Factory Working Orphan
Factory Working Orphan
8 months ago
Reply to  GeneD

LOL, literally nothing you wrote here refuted my post.

Josh
Josh
8 months ago

Assaults are up across the board in aurora schools this year. The pandemic and lockdown has clearly put a lot of stress on our kids and they are dealing with it violently, in the most heavily civilian armed nation in the world.

So kids are fighting, kids see us adults fighting, and families are economically stressed. Yeah you can say society is decaying but these problems are exasterbated by the gun problem. Dont you see?

Maybe we should take a chunk of the military budget, or raise taxes on the ultrawealthy to fund robust daycare, After school programs, or jobs programs? Im doubtful though, america doesn’t give a damn about education or the next generation. We are leaving so many people behind and they grow up to be violent and incarcerated.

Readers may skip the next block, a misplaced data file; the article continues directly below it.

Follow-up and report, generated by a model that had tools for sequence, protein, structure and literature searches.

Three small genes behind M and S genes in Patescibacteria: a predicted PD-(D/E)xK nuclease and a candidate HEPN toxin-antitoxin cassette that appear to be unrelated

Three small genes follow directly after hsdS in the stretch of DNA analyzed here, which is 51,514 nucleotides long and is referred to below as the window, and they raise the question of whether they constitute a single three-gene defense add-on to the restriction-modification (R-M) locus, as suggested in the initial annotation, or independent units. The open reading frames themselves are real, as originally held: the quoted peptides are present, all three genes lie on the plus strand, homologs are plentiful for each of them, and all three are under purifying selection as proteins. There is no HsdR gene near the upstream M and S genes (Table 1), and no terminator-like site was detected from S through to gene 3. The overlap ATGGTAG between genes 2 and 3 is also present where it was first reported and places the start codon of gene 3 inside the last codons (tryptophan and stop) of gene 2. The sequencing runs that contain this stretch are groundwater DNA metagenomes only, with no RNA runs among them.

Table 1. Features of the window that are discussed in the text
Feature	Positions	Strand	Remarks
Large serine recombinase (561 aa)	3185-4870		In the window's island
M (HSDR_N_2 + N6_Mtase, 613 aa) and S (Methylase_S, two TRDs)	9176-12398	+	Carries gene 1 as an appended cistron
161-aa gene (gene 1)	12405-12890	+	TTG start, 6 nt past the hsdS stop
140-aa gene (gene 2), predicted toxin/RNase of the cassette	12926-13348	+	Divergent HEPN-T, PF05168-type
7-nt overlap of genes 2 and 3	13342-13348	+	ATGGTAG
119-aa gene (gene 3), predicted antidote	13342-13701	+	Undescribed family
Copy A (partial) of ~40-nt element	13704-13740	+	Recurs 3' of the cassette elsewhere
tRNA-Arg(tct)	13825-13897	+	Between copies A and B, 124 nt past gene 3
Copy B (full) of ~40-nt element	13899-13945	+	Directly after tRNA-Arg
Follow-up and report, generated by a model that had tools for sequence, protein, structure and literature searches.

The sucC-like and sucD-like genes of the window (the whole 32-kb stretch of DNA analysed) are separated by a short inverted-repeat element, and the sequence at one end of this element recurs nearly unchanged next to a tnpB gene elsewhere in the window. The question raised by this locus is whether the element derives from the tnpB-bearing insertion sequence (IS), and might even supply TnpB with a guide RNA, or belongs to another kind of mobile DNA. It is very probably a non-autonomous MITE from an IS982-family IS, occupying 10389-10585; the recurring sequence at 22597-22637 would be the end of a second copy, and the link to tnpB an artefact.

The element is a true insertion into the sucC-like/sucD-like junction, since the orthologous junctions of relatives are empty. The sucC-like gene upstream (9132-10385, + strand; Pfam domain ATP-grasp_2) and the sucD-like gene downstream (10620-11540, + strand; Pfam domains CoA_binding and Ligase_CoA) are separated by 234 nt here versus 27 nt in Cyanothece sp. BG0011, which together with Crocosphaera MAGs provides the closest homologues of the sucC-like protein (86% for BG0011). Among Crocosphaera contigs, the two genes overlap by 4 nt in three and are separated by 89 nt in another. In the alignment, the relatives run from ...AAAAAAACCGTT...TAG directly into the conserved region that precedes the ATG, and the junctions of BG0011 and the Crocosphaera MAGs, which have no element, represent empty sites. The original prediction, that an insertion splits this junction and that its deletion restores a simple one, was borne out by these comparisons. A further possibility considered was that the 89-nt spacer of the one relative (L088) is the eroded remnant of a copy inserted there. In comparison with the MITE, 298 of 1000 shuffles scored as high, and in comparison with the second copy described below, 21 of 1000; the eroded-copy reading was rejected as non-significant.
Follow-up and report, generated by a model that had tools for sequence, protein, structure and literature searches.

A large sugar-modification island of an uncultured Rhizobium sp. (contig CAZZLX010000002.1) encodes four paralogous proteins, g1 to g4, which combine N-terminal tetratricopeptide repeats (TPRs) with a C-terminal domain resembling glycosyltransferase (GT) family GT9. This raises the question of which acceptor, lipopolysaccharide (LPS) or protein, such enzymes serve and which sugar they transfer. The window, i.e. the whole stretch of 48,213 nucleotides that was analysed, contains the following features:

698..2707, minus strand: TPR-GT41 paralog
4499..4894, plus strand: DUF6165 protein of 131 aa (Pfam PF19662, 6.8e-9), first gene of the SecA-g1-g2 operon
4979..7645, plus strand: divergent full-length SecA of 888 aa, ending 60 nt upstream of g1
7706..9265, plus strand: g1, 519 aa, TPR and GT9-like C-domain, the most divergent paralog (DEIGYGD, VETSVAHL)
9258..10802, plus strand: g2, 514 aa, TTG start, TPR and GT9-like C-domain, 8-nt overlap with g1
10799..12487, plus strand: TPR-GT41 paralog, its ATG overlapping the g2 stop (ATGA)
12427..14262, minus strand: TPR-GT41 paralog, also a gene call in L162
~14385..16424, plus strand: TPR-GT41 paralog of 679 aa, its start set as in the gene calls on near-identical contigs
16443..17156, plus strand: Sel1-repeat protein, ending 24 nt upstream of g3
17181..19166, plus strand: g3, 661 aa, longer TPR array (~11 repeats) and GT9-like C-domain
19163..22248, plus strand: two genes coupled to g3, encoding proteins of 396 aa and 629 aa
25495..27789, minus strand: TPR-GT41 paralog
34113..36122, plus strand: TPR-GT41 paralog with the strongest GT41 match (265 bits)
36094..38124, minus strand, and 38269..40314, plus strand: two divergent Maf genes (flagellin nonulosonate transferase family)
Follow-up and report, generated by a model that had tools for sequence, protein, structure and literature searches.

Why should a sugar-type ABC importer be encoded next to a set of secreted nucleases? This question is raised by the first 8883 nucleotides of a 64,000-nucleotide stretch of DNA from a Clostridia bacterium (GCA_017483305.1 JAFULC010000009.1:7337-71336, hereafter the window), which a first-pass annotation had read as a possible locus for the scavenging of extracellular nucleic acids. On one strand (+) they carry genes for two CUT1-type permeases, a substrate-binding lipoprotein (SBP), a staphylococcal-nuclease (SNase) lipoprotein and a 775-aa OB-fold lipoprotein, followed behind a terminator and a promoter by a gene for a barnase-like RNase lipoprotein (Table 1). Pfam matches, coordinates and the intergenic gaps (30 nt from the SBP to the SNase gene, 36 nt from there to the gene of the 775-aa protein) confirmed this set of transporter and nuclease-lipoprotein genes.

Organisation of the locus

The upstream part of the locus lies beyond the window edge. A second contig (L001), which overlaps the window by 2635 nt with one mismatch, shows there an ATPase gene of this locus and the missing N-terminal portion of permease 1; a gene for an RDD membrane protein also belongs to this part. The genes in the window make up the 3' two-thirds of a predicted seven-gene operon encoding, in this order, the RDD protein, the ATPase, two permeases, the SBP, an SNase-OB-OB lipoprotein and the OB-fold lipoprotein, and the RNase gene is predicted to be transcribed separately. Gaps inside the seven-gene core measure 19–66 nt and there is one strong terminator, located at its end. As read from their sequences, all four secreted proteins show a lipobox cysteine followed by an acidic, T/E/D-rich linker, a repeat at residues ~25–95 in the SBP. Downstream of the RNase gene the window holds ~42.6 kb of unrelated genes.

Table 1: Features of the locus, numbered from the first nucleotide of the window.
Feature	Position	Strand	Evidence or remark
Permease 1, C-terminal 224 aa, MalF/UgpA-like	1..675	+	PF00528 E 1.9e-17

Factory Working Orphan
Factory Working Orphan
8 months ago
Reply to  Josh

“Yeah you can say society is decaying but these problems are exasterbated by the gun problem. Dont you see?”

Magnificent circular reasoning there.

“Maybe we should take a chunk of the military budget, or raise taxes on the ultrawealthy to fund robust daycare, After school programs, or jobs programs?”

That’s been the standard lament for decades. Dozens of government programs have been passed in that time, and we’re still at the same place.

“Im doubtful though, america doesn’t give a damn about education or the next generation.”

Baloney. “Education” is pointless in an already dysfunctional society. It’s more cargo-cult thinking.

“We are leaving so many people behind and they grow up to be violent and incarcerated.”

No, “we” aren’t doing that. The Great Society has been a failure and so is the ideology that unlimited government programs will fix what ails us.

Doug King
Doug King
8 months ago
Reply to  Josh

Some very interesting points there. None of which are anything a GOP led country has any interest in.